"Batman v Superman's" Gadot 'Never Planned on Being Wonder Woman'

Just as Wonder Woman made her smash debut in 1942's "Sensation Comics" #1, Gal Gadot is proving in 2016 she's more than capable of making a big sensation herself playing an Amazing Amazon for the here and now.

Even before the opening weekend of "Batman v Superman: Dawn of Justice," the buzz is already Olympus-high on Gadot's performance as the preeminent female superhero of the last three-quarters of a century. Best known on screen for playing the ex-Mossad agent Giselle in the "Fast & Furious" franchise and off-screen as a top fashion model in her home country, the Israeli-born actress' otherworldly looks and exotically accented speech translate perfectly as a princess of ancient Greece, while her two-year stint as a combat instructor in the Israeli Army informed the physical aptitude and discipline necessary when it came to playing an Amazon Warrior.

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With a sword, shield and magic lasso at her disposal, Gadot cuts a mighty swath through the film in an updated yet also antiquity-influenced take on the classic costume, and turns heads with her magnetic command of the screen while in her civilian ensembles. At a recent press conference with her castmates, the actress offered some insight on how she became the first-ever cinematic incarnation of one of the most popular superheroes of all-time.

On her response to the Internet chatter after she was cast:

Gal Gadot: You can't please them all. For me, being an actress, my responsibility is not to pay too much attention to all the noise around me, but to pay attention to the script, to the director, and protect the character and try to tell her story the best I can. I can only do my best.

On auditioning for the role:

It all began when Warner Bros. wanted to audition me to something -- they would not say what. So of course, I was intrigued, and I did the audition and [director] Zack [Snyder] was there, and it was great. And two weeks later, they asked me to do a camera test with Ben [Affleck]. I said, "Great. What's the role? What's the part?" My agent told me, "Honestly, they would not say a word, but to expect a phone call from Zack."

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Zack called me the same night, and he was saying, "Well, I'm not sure if you have it in Israel, but did you every hear about Wonder Woman?" I think I went dead for a few good seconds, came back to life, and then I tried to pull off my best [cool, casual] voice saying, "Wonder Woman, yeah, yeah. Wonder Woman..."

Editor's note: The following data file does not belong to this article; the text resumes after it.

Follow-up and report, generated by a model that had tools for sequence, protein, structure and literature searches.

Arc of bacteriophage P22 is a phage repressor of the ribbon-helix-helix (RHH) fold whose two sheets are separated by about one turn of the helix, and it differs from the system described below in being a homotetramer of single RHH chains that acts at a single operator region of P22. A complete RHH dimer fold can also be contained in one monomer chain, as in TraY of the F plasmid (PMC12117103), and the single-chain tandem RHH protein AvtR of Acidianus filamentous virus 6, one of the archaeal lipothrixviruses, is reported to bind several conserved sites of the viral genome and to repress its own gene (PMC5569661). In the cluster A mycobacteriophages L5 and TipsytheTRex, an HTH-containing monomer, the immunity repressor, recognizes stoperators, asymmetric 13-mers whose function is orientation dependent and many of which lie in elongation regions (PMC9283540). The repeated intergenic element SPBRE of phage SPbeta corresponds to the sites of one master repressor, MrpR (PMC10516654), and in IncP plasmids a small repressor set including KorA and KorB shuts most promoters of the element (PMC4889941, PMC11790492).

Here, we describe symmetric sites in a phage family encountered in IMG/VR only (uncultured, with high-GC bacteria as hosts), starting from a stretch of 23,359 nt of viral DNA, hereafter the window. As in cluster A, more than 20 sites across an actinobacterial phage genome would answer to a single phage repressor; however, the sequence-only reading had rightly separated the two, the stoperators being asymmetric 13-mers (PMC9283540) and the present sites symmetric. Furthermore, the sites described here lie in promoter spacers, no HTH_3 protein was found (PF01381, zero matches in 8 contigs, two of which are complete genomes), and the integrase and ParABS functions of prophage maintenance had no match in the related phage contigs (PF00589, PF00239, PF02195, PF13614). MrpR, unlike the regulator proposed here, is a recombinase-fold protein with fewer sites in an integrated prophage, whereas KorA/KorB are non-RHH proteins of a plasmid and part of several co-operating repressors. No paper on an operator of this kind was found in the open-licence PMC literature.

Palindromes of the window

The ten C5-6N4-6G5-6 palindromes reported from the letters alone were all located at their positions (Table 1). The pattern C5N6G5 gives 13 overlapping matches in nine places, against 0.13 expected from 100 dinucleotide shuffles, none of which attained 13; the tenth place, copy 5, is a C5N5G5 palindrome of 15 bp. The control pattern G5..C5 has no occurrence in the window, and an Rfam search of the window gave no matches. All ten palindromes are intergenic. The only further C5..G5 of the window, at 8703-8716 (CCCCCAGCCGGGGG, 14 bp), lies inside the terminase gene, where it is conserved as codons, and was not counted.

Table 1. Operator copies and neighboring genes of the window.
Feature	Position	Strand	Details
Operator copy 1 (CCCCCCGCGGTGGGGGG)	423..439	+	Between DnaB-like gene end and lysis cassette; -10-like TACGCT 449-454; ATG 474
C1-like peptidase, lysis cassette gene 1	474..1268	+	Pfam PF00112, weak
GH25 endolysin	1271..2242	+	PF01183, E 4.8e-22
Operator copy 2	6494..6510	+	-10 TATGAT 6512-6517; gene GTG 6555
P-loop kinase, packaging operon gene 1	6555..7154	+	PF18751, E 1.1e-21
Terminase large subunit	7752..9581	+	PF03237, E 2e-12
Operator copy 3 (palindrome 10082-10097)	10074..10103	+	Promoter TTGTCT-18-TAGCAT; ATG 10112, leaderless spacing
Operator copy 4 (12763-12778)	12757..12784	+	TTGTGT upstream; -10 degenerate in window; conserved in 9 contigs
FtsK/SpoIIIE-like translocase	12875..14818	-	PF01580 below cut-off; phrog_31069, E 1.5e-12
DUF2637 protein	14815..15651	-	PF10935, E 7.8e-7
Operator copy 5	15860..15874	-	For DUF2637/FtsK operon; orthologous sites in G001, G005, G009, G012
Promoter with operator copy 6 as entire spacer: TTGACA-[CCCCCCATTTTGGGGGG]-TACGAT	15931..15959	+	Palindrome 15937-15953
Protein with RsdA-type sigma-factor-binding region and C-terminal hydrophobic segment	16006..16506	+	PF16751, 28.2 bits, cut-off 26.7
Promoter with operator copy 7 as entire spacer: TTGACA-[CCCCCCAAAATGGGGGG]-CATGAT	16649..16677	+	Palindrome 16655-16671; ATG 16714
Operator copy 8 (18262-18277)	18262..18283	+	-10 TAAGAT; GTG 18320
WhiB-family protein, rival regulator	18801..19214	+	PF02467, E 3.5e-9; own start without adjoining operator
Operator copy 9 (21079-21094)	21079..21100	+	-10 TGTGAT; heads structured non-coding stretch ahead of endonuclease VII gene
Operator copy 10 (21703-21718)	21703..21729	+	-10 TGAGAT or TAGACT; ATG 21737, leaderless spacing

And then I did the camera test with Ben, which was great, and Ben is fantastic. Seven weeks later, it was torture: I literally went through seven stages of grief. The first two weeks, I felt good about that, I had a good feeling. Then from then on, I started to be angry. Like, it was bad. But finally, seven weeks later, they called to say that I got the part. That was it. Here we are.

On inhabiting the iconic role:

It's a huge honor to be the one who got this amazing opportunity to tell such an important story. I feel very, very grateful. No, never in my life, I never planned on being an actress, I never planned on being Wonder Woman. Everything happened and I'm grateful and happy, and I'm in love with what I do.

On the '70s-era Wonder Woman TV series:

I was too young to watch the Lynda Carter TV show. I was minus-ten! But after they cast me for this role, I did watch a couple of episodes. I think that Lynda Carter was a magnificent Wonder Woman, and it's certainly big shoes to fit into. But when they cast me for this movie, Zack and everyone had a very clear vision on who Wonder Woman should be, and what's her story, and how they want to tell it. All I had to do was really give my own notes and input and just embody everything and be her.

On the bigger picture impact of playing the Amazing Amazon:

I have a four-year-old daughter, and she adores princesses. At the same time, she would tell me "The princess, she's so weak: she falls asleep, the prince will come and save her and kiss her and he's the hero." So I'm so happy to be the one who's going to tell the Wonder Woman story. It's such an important story to tell, and I'm grateful for it. But I also think that it's so important for girls -- and boys -- to have a strong female superhero to look up to. And the more than merrier. There's plenty of room for many more women to come. I'm very, very happy to be a part of that.

"Batman v Superman: Dawn of Justice" opens in theaters March 25.

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